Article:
Unformatted text preview: University of Toronto, Department of Economics, ECO 204 Summer 2009 S. Ajaz Hussain ECO 204 Summer 2009 S. Ajaz Hussain Practice Problems 20 Solutions Please help improve the course by sending me an email about typos or suggestions for improvements For the 3rd degree price discrimination problems, it will be useful to refer to this summary: Question 1 Suppose BMW produces cars at a constant marginal cost of $20,000. It's fixed costs are $10 billion. You must advise the CEO on the price and number of cars to be sold in Europe and USA. The demand for BMWs in each market is given by: QE = 4,000,000 100 PE QU = 1,000,000 20 PU where the subscript E denotes Europe and the subscript U denotes the United States. Assume that BMW can restrict U.S. sales to authorized BMW dealers only (that is, it can prevent arbitrage). How many cars should BMW sell in each market and what price? Calculate total profits. 1 University of Toronto, Department of Economics, ECO 204 Summer 2009 S. Ajaz Hussain Answer: This is a 3rd degree price discrimination problem with ample capacity and no danger of arbitrage. BMW should maximize profits in each market separately: ME = 0 and MU = 0 ME = 0 means that: MRE MCE = 0 MRE = MCE MRE = 20,000 Now: QE = 4,000,000 100 PE PE = (4,000,000)/100 (1/100) QE MRE = 40,000 (1/50) QE Hence: MRE = 20,000 40,000 (1/50) QE = 20,000 QE = 1,000,000 Similarly: MU = 0 means that: MRU MCU = 0 MRU = MCU MRU = 20,000 Now: QU = 1,000,000 20 PU PU = (1,000,000)/20 (1/20) QU MRU = 50,000 (1/10) QU Hence: MRU = 20,000 50,000 (1/10) QU = 20,000 QU = 300,000. 1 million BMWs should be sold in Europe and 300,000 in the US. For prices: 2 University of Toronto, Department of Economics, ECO 204 Summer 2009 S. Ajaz Hussain PE = (4,000,000)/100 (1/100) (1,000,000) = $30,000 PU = (1,000,000)/20 (1/20) (300,000) = $35,000 As a way to test your math skills you should resolve this problem as a multivariate problem: that is, maximize: Total = E + U. You should get the same answers. Question 2 Note: Check your answer using spreadsheet mode (Excel 2003 version) Ajax Studios has produced two movies "Canada: No Country for Old Economists" and "Who Am I? John Nash vs. John Nash". The table below shows three Chains' willingness to pay (WTP) for the two movies and Ajax's marginal cost of releasing a movie. All numbers are in `000s of dollars per cinema per week. Each chain has 100 multiscreen cinemas: Chain Chain A Chain B Chain C Marginal Cost Canada: No Country for Old Economists 8 14 20 10 Who Am I? John Nash vs. John Nash 20 14 8 10 (a) Find the optimal weekly prices per screen for releasing the movies separately. Show all calculations and keep explanations brief. Answer: Recall this (helpful) chart: 3 University of Toronto, Department of Economics, ECO 204 Summer 2009 S. Ajaz Hussain Let's start with Canada: No Country for Old Economists. The following table lists the 3 conceivable prices: # of Chains Total Profit (`000s of $) Price Profit/cinema Purchasing (8 10)*300 = 600 8 (8 10) 3 14 20 (14 10) (20 10) 2 1 (14 10)*200 = 800 (20 10)*100 = 1000 Of the 3 prices, P = 20 yields the highest profits. Next, consider Who Am I? John Nash vs. John Nash: by symmetry because the WTPs are also 8, 14 and 20 we know that the optimal price is also P = 20. Total profits from selling the movie individually will be 2,000 (`000s of $). (b) Find the optimal weekly prices per screen for releasing the movies as a pure bundle. Show all calculations and keep explanations brief. Answer: Adding up the WTP for all three chains, note that all three chains' WTP for the bundle is $28. Thus, the bundle price is $28. Total profits, since all three chains buy the bundle (thus, MC for bundle is 20), the total profit from bundling will be (28 20)*300 = 2,400 (`000s of $). 4 University of Toronto, Department of Economics, ECO 204 Summer 2009 S. Ajaz Hussain (c) Find the optimal weekly prices per screen for releasing the movies as a mixed bundle. Show all calculations and keep explanations brief. Answer: Note how Chain 1's WTP for Canada and Chain 2's WTP for Who Am I? are each below the MC. Thus, to sell Chains 1 and 3 these movies individually and Chain 2 the bundle, suppose we set: P for Bundle = 28 P for Canada: No Country for Old Economists = 20 P for Who Am I? John Nash vs. John Nash = 20 Before finalizing these prices, examine the CS of the 3 chains: Chain C CS Chain A CS Chain B CS Bundle P = $28 Canada P = $20 John P = $20 0 Negative 0 0 Negative Negative 0 0 Negative Chain A has the same CS from buying the bundle or John Nash. Similarly, Chain C has the same CS from buying the bundle or Canada. We want Chains A and C to purchase the movies individually and not the bundle. To do this, give Chains A and C positive CS by pricing each movie slightly below 20 (say 19.99). This yields: Mixed Bundling Total profit = 2*(19.99 10)*(100) + (28 20)*(100) = 1,998 + 800 = $2,798 Of the three schemes, observe how mixed bundling yields the greatest profits. 5 ...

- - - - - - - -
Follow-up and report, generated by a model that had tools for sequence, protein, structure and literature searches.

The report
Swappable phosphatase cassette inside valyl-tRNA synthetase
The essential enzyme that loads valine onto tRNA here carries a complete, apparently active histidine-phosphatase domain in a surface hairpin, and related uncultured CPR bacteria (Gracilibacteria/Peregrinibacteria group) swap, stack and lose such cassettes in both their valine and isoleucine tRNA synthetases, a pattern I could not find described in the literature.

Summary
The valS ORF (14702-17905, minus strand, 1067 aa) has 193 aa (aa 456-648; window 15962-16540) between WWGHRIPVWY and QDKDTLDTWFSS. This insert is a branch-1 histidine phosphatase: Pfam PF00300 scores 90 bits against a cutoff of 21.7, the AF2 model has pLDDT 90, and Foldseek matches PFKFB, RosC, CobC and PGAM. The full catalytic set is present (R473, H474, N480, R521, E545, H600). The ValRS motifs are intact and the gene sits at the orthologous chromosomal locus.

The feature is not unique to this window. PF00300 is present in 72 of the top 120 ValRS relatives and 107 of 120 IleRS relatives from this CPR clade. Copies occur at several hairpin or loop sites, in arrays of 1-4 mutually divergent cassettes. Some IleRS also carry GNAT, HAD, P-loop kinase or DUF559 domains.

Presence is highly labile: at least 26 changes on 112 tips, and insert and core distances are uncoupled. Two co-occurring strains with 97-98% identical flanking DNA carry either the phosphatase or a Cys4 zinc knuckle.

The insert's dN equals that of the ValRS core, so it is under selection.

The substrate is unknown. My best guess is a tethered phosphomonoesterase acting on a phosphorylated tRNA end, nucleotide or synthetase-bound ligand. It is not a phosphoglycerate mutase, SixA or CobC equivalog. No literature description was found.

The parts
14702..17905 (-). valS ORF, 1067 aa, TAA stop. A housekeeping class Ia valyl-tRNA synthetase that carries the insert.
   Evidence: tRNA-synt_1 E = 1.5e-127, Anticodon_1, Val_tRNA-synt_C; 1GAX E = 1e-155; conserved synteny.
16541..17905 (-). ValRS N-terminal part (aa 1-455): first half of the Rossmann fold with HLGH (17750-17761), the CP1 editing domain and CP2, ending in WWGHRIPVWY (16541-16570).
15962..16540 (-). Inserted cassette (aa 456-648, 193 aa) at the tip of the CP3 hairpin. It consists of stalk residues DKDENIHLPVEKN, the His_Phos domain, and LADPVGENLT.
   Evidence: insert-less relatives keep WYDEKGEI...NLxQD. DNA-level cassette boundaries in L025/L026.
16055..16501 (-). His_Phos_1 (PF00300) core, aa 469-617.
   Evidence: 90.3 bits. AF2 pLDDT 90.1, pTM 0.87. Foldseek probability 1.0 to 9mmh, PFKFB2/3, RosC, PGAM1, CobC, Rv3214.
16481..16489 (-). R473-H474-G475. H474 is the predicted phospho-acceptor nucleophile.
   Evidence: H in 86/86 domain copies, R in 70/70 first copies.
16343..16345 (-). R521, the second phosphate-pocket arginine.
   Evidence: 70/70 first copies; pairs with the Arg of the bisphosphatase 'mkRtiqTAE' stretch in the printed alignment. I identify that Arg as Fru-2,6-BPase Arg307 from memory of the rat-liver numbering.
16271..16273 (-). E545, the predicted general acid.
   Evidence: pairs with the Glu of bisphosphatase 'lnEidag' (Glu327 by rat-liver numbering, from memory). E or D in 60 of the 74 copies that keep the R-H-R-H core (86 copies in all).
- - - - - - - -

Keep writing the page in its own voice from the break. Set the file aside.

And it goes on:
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 Fall '08
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 Economics, Microeconomics, John Nash, Product bundling, S. Ajaz Hussain

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